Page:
A TikToker’s series of videos are exposing what she claims are the behind-the-scenes of working at Ulta, revealing what many viewers believe is a thoroughly “toxic” work environment.
In the first, Maddie informs viewers that she has worked with beauty products at both Sephora and Ulta. Ulta in particular, Maddie claims, is “horrible” to its employees, unlike other retail locations she’s worked at—which ultimately led her to quit her job. She promised viewers a wealth of stories about her negative experiences on the job, which they immediately pounced on.
Between the announcement video and three subsequent “storytimes,” Maddie’s Ulta videos have nearly 810,000 views, along with tens of thousands of likes and comments from intrigued viewers.
Maddie’s first “storytime” video digs into “some of the shit that went down at Ulta Beauty.” She notes, at the outset of the video, that she contacted all the appropriate channels—human resources, management—before ultimately quitting her job when she was ignored and written off. She then dives into a story about a disciplinary meeting she recently had with her general manager.
In the video, Maddie explains that her manager found her “unprofessional” because she refused to clean human feces off of Ulta’s bathroom wall, something which she notes in the TikTok requires “biohazard training,” which Maddie doesn’t have. Apparently she was called out by her general manager for jokingly informing other employees—in the back room, away from customers—that the act of cleaning feces was “above [her] paygrade.”
She also notes at the outset of her second “storytime” video, that numerous people have been direct messaging her to share their own tales of Ulta woe.
In her second “storytime,” Maddie points out that—compared to Sephora’s rather straightforward way of approaching issues—Ulta’s methods are lacking. As she claims, unlike Ulta, mistakes at Sephora are immediately addressed and turned into learning experiences. At Ulta, however, Maddie claimed managers simply take note of all mistakes and, rather than address them at the time, hold onto them for “weeks” until the employee next touches base with a manager.
This method is deeply “counterproductive,” according to Maddie, because it makes it difficult for employees to actually learn from their mistakes. She uses one of her first meetings with management as an example. A few weeks after starting at Ulta, Maddie says she got called in for a typical “touch base” with her GM at the time. She was informed that she had been reported to HR, a revelation that took her aback.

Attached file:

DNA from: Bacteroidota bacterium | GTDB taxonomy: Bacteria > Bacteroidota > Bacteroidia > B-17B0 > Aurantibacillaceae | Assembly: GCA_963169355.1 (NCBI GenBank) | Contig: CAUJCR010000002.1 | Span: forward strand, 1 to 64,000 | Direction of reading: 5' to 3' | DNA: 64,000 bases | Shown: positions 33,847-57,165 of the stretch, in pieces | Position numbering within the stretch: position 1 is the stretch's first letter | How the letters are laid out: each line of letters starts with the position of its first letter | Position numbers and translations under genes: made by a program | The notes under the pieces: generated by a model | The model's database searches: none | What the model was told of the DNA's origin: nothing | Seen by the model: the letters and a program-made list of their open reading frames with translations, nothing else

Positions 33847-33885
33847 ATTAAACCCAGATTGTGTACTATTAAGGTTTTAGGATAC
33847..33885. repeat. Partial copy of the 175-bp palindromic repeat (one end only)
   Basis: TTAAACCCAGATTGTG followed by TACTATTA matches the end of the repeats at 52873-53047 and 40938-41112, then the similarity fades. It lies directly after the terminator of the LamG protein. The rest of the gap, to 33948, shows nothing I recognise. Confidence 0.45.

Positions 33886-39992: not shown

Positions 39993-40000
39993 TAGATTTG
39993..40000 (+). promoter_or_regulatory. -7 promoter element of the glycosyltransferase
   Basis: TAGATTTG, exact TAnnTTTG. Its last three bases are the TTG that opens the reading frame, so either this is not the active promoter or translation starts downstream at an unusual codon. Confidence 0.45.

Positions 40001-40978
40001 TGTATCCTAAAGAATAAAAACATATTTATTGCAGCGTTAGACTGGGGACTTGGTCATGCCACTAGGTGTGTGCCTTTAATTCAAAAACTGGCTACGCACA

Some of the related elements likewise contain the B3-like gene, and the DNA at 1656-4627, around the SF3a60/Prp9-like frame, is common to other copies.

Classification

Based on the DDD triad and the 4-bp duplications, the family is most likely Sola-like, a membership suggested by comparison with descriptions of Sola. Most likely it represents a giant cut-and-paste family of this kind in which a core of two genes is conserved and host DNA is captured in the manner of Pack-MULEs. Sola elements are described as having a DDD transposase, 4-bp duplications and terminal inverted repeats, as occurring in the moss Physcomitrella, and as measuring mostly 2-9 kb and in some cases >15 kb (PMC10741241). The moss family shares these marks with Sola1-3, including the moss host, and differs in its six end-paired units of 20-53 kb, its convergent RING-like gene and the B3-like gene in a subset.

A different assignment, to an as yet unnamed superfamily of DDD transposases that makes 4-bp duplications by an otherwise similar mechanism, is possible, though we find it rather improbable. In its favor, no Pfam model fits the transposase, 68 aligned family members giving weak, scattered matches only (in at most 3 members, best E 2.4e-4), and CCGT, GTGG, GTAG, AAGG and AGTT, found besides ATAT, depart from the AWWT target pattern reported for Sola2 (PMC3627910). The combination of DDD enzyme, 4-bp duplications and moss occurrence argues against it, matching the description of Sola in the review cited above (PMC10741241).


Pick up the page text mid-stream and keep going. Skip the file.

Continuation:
When she asked why, she said she was informed that it was because she had posted to TikTok about being an Ulta employee. Maddie notes, in the TikTok, that this was her fault—she didn’t check with anyone to ensure it was okay to post about Ulta on TikTok—but vocally wonders why no one let her know before jumping straight to HR.
The real kicker, according to Maddie, was the revelation that she could not post about any of the products sold at Ulta, regardless of context. She said she pointed out that she has brand deals with numerous companies who’s products are sold at Ulta, but was promptly shut down. She later claimed this policy was not allowed and noted that Ulta always jumps “right to just lying to you” rather than actually discussing issues with employees.
Maddie’s third storytime digs into “Ulta’s policies and procedures,” which she notes are “insane.” In the video, she speaks about how Ulta allegedly handles racist or unruly customers—specifically asking employees to “set boundaries” with them instead of refusing service or shutting down inappropriate behavior.
Maddie’s most recent video, seemingly in response to Ulta’s attempts to stop her from posting, she shared a photo that she took while on the job. In the photo, she is clearly upset, with tear-filled eyes and wet cheeks.
The situation surrounding the photo arose after Maddie was asked to work up some ideas to “help teach and promote Prestige Skin.” She said she came up with a range of ideas, which she was promptly told were “stupid,” only to have her general manager turn around and present the ideas as her own. When Maddie got upset over her ideas being stolen, she was branded as “overdramatic.” This pushed Maddie over the edge, but even when she started crying and “freaking out,” the company wouldn’t let her go home.
This is a prime example of her experience at Ulta, according to Maddie. She put it up in response to the messages she is seemingly getting from Ulta, claiming that “we treated you so well,” and asking her why she is “making these TikToks.”
The Daily Dot reached out to Maddie and Ulta for this story. Neither immediately returned a request for comment.
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